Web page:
Selective Tumor Hypoxia Targeting by Hypoxia-Activated Prodrug TH-302 Inhibits Tumor Growth in Preclinical Models of Cancer
ABSTRACT Tumor hypoxia underlies treatment failure and yields a more aggressive, invasive, and metastatic cancer phenotype. TH-302 is a 2-nitroimidazole triggered hypoxia-activated prodrug of the cytotoxin bromo-isophosphoramide mustard (Br-IPM). The purpose of this study is to characterize the antitumor activity of TH-302 and investigate its selective targeting of the hypoxic cells in human tumor xenograft models.
Antitumor efficacy was assessed by tumor growth kinetics or by clonogenic survival of isolated cells after tumor excision. Hypoxic fractions (HF) were determined by immunohistochemistry and morphometrics of pimonidazole staining. Tumor hypoxia levels were manipulated by exposing animals to different oxygen concentration breathing conditions. The localization and kinetics of TH-302 induced DNA damage was determined by γH2AX immunohistochemistry.
TH-302 antitumor activity was dose-dependent and correlated with total drug exposure. Correlation was found between antitumor activity and tumor HF across 11 xenograft models. Tumor-bearing animals breathing 95% O(2) exhibited attenuated TH-302 efficacy, with whereas those breathing 10% O(2) exhibited enhanced TH-302 efficacy, both compared with air (21% O(2)) breathing. TH-302 treatment resulted in a reduction in the volume of the HF 48 hours after dosing and a corresponding increase in the necrotic fraction. TH-302 induced DNA damage as measured by γH2AX was initially only present in the hypoxic regions and then radiated to the entire tumor in a time-dependent manner, consistent with TH-302 having a "bystander effect."
The results show that TH-302 has broad antitumor activity and selectively targets hypoxic tumor tissues.
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ABSTRACT: Tumor hypoxia is a major cause of treatment failure for a variety of malignancies. However, tumor hypoxia also offers treatment opportunities, exemplified by the development compounds that target hypoxic regions within tumors. TH-302 is a pro-drug created by the conjugation of 2-nitroimidazole to bromo-isophosphoramide (Br-IPM). When TH-302 is delivered to regions of hypoxia, Br-IPM, the DNA cross linking toxin, is released. In this study we assessed the cytotoxic activity of TH-302 against osteosarcoma cells in vitro and evaluated its anticancer efficacy as a single agent, and in combination with doxorubicin, in an orthotopic mouse model of human osteosarcoma (OS). In vitro, TH-302 was potently cytotoxic to osteosarcoma cells selectively under hypoxic conditions, whereas primary normal human osteoblasts were protected. Animals transplanted with OS cells directly into their tibiae and left untreated developed mixed osteolytic/osteosclerotic bone lesions and subsequently developed lung metastases. TH-302 reduced tumor burden in bone and cooperated with doxorubicin to protect bone from osteosarcoma induced bone destruction, while it also reduced lung metastases. TH-302 may therefore be an attractive therapeutic agent with strong activity as a single agent and in combination with chemotherapy against OS. Crown Copyright © 2014. Published by Elsevier Ireland Ltd. All rights reserved.Cancer Letters 11/2014; 357(1). DOI:10.1016/j.canlet.2014.11.020 · 5.02 Impact Factor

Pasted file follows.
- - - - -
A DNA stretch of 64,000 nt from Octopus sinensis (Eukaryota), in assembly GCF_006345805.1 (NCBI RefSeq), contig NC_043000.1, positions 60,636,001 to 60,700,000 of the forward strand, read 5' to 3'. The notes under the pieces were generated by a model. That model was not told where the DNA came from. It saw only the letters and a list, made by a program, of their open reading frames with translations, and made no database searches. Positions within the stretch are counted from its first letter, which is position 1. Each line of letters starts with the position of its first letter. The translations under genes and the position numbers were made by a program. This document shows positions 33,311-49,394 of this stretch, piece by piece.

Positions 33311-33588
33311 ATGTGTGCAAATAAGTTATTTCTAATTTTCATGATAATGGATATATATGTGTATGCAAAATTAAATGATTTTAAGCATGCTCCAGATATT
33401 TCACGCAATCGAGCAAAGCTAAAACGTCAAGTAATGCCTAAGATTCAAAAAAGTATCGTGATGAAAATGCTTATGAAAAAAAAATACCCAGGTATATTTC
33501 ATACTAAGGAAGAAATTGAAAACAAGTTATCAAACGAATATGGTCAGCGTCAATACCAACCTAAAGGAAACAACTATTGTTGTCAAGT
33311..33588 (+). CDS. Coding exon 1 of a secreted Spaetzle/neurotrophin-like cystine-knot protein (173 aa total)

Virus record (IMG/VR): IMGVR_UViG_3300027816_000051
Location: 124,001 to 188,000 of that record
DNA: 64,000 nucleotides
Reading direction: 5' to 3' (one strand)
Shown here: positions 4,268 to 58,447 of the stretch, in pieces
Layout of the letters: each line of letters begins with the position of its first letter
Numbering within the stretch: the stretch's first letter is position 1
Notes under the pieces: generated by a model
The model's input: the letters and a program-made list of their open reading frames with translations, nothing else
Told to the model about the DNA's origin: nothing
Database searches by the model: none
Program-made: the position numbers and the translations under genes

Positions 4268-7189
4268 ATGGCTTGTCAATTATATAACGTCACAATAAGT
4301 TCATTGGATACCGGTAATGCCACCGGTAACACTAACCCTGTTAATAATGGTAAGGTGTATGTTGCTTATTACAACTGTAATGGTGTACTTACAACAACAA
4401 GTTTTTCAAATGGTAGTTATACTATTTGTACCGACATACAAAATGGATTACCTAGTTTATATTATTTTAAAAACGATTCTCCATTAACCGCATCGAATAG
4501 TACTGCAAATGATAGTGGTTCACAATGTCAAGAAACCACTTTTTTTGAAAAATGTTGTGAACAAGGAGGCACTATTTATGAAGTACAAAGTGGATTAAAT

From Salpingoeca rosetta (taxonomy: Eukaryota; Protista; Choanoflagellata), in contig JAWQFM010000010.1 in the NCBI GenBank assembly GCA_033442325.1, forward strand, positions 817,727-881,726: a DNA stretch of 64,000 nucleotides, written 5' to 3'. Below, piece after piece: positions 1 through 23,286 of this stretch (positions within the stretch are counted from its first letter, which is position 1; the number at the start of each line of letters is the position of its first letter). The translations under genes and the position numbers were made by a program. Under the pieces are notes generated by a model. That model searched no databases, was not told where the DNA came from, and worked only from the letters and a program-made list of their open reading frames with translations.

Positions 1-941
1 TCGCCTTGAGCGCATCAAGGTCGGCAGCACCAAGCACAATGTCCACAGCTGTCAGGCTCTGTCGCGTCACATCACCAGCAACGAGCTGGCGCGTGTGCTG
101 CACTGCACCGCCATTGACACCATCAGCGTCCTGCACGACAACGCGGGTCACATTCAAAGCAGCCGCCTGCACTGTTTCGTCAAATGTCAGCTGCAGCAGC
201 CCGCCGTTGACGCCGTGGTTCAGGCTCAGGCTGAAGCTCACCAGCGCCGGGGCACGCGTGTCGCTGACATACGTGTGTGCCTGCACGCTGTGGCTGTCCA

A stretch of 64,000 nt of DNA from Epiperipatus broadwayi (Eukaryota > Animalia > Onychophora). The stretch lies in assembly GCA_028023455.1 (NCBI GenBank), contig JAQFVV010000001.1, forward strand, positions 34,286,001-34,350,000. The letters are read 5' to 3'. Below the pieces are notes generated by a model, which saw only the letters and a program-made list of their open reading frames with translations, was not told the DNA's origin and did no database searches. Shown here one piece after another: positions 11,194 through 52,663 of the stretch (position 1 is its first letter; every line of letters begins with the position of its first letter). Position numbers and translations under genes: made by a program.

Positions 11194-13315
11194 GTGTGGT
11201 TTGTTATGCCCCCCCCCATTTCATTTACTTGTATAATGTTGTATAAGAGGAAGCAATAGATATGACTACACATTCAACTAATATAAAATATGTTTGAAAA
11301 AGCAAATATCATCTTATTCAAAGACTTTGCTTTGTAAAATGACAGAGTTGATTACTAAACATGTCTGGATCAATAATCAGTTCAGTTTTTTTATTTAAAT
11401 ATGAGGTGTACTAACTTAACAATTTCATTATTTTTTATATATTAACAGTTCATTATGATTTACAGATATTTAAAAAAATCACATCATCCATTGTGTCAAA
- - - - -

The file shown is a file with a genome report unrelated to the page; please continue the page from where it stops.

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ABSTRACT: Pancreatic cancer is highly chemoresistant. A major contributing factor is the characteristic extensive stromal or fibrotic reaction, which comprises up to 90% of the tumor volume. Over the last decade there has been intensive research into the role of the pro-fibrogenic pancreatic stellate cells (PSCs) and their interaction with pancreatic cancer cells. As a result of the significant alterations in the tumor microenvironment following activation of PSCs, tumor progression, and chemoresistance is enhanced. This review will discuss how PSCs contribute to chemoresistance in pancreatic cancer.Frontiers in Physiology 01/2014; 5:141. DOI:10.3389/fphys.2014.00141 · 3.50 Impact Factor
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ABSTRACT: Hypoxia in tumours is known to cause resistance to conventional chemotherapeutic drugs. In contrast, little is known about the effects of hypoxia on targeted anti-cancer drugs. This study evaluated the effect of hypoxia on a series of clinically approved tyrosine kinase inhibitors (TKIs). The effect of hypoxia (0.1% oxygen) on the activity of conventional cytotoxic drugs (5-fluorouracil, doxorubicin and vinblastine), the hypoxia activated pro-drug tirapazamine and 9 TKIs was determined in a panel of cell lines. Where hypoxia had a marked effect on chemosensitivity, western blot analysis to determine the effect of hypoxia on target expression and the effect of TKIs on cell signalling response under aerobic and hypoxic conditions was conducted. Three patterns of chemosensitivity were observed; resistance under hypoxia, equi-toxic activity against hypoxic and aerobic cells and preferential cytotoxicity to hypoxic cells. Significant hypoxia selectivity (independent of HIF1) was observed in the case of dasatinib and this correlated with the ability of dasatinib to inhibit phosphorylation of Src at tyrosine 530. Sorafenib was significantly less effective under hypoxic conditions but resistance did not correlate with hypoxia induced changes in RAF/MEK/ERK signalling. Hypoxia influences the activity of TKIs but in contrast to conventional cytotoxic drugs, preferential activity against hypoxic cells can occur. The search for hypoxia targeted therapies has been long and fruitless and this study suggests that some clinically approved TKIs could preferentially target the hypoxic fraction of some tumour types.British Journal of Pharmacology 10/2013; 171(1). DOI:10.1111/bph.12438 · 4.99 Impact Factor